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Showing posts from December, 2013

Normalcy is Good

A handful, meaning four, visitors have emailed to ask why I haven't posted many blog entries recently. The answer: life has been fairly "normal" from my perspective. I'm grading finals, dealing with student pleas for homework extensions, and feeling overwhelmed — like every other instructor I know. A friend shared that he was up before 3 a.m. to grade essays and record grades by his university's deadlines. The end-of-semester crunch is what it is… no matter who you are as a student or instructor. The only "autistic" frustration was our cat, Lucy, triggering the burglar alarm while we were on the PA Turnpike. For those unfamiliar with the Turnpike and Tollway systems, these are true "Expressway" systems. The exits are far apart (28 miles or more), and sometimes those exits are to service areas, not junctions. So, when Lucy's Christmas tree curiosity tripped the motion sensor (which was supposed to aim above pet-level), we were about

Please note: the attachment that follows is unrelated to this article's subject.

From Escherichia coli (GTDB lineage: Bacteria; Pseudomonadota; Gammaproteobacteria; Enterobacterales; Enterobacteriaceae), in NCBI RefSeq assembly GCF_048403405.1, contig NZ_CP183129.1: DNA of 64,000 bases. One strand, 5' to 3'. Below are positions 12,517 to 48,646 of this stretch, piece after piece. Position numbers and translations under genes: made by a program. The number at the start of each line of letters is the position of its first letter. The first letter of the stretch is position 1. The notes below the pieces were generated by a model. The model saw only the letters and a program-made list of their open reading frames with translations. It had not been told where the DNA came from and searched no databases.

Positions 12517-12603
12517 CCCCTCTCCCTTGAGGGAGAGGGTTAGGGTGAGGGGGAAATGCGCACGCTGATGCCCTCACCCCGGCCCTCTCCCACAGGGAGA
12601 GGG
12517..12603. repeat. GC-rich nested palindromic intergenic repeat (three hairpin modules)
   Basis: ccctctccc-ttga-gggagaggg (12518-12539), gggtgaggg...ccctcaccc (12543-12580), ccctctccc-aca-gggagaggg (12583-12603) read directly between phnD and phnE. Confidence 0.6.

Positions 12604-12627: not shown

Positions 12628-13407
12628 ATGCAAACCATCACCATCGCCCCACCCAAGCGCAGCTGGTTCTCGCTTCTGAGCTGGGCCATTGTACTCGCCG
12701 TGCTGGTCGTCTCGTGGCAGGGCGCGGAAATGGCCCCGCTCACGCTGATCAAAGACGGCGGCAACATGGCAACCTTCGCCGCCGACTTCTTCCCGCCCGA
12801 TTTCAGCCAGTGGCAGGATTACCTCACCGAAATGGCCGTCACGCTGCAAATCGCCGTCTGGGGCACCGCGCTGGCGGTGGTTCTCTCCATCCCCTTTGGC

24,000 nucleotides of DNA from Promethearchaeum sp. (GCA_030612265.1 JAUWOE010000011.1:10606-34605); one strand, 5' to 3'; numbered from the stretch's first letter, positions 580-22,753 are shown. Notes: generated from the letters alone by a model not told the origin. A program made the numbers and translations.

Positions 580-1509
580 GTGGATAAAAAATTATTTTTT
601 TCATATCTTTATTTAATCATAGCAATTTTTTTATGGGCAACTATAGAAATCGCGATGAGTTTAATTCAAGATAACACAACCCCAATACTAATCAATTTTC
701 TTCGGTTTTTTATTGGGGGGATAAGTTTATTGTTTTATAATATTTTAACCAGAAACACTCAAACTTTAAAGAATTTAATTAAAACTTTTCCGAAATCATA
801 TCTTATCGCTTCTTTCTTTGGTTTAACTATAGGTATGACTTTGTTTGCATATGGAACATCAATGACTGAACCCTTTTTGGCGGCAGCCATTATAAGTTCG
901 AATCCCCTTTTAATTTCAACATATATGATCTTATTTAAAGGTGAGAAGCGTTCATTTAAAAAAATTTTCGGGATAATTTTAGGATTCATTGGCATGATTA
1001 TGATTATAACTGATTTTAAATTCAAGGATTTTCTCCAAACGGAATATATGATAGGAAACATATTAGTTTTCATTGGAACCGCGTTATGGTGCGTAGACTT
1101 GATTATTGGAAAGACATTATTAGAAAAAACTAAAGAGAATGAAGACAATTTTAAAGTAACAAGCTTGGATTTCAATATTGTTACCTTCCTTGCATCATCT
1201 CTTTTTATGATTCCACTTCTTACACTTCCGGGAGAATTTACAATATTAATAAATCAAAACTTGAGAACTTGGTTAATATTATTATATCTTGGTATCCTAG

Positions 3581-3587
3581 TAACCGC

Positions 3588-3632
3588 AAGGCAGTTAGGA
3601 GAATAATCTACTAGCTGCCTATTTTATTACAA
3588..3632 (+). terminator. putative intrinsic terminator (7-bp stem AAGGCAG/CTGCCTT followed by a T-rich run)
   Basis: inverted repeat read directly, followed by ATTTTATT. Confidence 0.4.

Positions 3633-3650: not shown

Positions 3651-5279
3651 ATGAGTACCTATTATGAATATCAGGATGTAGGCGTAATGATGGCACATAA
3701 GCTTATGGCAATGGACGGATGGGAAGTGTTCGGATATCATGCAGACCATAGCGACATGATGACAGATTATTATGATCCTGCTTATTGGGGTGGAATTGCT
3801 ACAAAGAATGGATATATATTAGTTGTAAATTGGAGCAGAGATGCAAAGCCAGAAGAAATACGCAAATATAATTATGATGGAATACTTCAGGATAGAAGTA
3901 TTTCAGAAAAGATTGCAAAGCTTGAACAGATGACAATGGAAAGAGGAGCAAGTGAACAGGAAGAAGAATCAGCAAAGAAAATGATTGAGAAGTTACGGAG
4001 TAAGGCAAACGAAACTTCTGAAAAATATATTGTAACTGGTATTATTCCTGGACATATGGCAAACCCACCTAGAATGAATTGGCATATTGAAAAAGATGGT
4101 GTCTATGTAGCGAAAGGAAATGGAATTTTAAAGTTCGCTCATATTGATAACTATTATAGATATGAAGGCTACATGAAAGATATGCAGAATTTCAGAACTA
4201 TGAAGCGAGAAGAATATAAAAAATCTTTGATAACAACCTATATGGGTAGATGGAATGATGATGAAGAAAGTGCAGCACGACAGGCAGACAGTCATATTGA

Herbal Teas, Please... Not that Bitter "Real" Tea

Tea Time (Photo credit: Maia C ) I love teas. One of the best gifts ever was a "PerfecTea" maker (16 oz) from Teavana. I use it daily throughout the winter months, and several times a week in the summer. My current loose-leaf tea collection includes seven berry, kiwi colada, spiced apple, pumpkin spice, red chai, hibiscus punch, honeybush vanilla, and several other herbal varieties. What I don't buy are most true teas: they are too difficult to get right without a lot of attention to details. Maybe my tastebuds are too sensitive. Few people care if their teas are a little bitter or "off" in some way, but I can tell when a green, black, or white tea has gone wrong. Too much heat or steeped too long, teas are ruined. I can't drink ruined teas. Teavana provides a basic guide to brewing teas, "How to Make Tea" [ ]. When you boil a kettle of water, it is 212 degrees F. Herbal, rooibos, and maté